On 26 January 2014, three years after uprisings roiled the Arab world and President Zine el-Abeddin Ben Ali was ousted, Tunisia adopted a new Constitution, which enshrines freedom of expression and freedom of conscience within a democratic political system of elections and representative government. This two- day Conference will examine the forces that led to this signal achievement, particularly as they relate to the emergence of a liberated media as a key factor in the development of a politically pluralistic Tunisia. Importantly, it will provide context to these changes by considering the impact of the last three tumultuous years on the changing political/media environment in the larger Maghrib region. The mediated nature of the Arab uprisings has led to significant theoretical reassessment in the field of media studies, while the trajectory of political change in the region, from ‘leaderless activism’ to inexperienced party politics negotiating new structural terrains, is challenging existing analytical frames and encouraging new ones. The conference will offer an academic platform focused on Tunisia and the Maghrib that will bring together scholars and experts from different disciplines to share insights and develop new ways of understanding the structural relationship between media and state, the contours of the emerging Fourth Estate, and the social discourses that are constituting a politics in transition. Conference location: Trinity Hall, Cambridge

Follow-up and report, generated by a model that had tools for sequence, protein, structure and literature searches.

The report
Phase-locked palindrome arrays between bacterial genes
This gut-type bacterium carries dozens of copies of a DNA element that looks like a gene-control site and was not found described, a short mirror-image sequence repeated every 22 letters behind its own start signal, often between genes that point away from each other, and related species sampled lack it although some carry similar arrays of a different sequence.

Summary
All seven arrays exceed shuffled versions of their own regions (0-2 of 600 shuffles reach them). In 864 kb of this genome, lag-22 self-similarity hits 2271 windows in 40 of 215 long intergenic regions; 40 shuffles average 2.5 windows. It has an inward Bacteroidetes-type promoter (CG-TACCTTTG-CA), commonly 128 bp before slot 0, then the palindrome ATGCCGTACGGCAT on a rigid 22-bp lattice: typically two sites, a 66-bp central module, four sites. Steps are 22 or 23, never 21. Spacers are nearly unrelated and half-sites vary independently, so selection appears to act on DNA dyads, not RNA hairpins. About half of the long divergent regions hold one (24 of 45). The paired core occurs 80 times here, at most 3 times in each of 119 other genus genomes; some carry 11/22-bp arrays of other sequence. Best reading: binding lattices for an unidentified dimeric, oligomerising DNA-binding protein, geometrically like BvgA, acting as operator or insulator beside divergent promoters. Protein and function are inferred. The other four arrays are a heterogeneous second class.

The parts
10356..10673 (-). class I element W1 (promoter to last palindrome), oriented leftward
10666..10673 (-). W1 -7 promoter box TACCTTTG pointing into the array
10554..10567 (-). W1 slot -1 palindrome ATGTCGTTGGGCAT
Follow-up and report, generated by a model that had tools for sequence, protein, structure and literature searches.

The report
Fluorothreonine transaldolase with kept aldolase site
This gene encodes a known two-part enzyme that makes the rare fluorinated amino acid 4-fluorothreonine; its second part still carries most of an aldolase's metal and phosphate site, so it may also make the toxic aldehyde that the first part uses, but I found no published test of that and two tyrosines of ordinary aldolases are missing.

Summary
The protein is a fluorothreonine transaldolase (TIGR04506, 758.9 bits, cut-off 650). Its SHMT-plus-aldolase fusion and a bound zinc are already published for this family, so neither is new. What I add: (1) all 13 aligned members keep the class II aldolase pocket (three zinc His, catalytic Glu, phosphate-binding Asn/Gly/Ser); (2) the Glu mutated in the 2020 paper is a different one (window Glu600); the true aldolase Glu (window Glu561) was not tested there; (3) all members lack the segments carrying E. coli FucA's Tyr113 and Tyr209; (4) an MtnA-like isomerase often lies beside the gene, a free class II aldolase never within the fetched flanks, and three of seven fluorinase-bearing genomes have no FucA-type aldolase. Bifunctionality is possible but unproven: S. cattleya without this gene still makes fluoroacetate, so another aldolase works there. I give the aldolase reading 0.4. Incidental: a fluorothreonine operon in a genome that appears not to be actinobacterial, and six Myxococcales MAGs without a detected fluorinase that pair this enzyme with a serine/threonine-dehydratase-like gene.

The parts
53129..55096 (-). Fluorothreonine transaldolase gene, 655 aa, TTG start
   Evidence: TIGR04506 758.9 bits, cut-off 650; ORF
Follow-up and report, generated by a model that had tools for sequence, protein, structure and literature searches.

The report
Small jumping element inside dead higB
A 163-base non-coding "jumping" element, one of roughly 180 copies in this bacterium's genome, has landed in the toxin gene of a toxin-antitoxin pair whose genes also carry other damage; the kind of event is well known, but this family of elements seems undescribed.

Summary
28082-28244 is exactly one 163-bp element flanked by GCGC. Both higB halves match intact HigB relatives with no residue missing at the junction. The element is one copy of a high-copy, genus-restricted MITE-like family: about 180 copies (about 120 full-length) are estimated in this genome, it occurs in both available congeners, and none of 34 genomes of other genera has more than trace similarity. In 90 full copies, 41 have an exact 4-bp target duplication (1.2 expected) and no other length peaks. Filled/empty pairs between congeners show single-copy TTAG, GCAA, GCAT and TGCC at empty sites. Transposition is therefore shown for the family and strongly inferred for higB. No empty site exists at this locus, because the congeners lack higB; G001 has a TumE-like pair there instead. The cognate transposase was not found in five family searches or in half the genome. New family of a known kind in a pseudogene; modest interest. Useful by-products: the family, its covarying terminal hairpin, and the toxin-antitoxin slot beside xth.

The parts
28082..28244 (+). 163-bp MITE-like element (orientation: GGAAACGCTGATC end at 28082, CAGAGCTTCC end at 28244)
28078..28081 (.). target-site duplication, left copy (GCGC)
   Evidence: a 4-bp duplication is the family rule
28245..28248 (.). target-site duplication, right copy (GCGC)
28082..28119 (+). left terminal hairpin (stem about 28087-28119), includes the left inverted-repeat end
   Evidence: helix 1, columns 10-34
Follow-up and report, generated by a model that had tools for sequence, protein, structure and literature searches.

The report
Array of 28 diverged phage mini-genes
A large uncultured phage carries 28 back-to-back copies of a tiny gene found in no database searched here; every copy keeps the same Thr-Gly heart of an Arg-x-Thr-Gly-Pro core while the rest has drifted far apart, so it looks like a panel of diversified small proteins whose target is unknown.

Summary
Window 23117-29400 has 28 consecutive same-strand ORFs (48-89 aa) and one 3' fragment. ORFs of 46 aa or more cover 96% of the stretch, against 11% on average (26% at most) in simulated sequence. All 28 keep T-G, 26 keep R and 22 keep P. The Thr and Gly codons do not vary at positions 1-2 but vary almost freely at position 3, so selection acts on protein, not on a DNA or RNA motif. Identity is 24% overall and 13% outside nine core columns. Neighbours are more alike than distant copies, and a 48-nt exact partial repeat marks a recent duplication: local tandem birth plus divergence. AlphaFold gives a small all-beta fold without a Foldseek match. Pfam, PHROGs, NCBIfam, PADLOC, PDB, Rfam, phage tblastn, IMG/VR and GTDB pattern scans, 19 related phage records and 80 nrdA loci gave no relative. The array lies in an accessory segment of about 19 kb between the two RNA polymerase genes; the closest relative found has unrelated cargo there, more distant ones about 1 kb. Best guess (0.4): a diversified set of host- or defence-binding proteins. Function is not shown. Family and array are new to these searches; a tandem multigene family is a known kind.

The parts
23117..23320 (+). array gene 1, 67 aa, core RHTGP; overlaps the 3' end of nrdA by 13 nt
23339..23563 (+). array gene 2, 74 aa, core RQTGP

This is a new research project launched at Cambridge University on Media in Political Transition in the MENA region. This year we are holding a small conference focusing on the case of Tunisia, with several papers drawing from field work conducted by our team in situ this past year - as well as related scholarship from a wider group of academics.
The Conference, which is entitled Media in Political Transition: The Case of Tunisia, will be held at Trinity Hall at Cambridge University on July 15 and 16, 2014. It is hosted by the Centre for the International Study of the Middle East and North Africa at the Department of Politics (POLIS), as part of the new research programme, the Cambridge University-Al-Jazeera Media Project.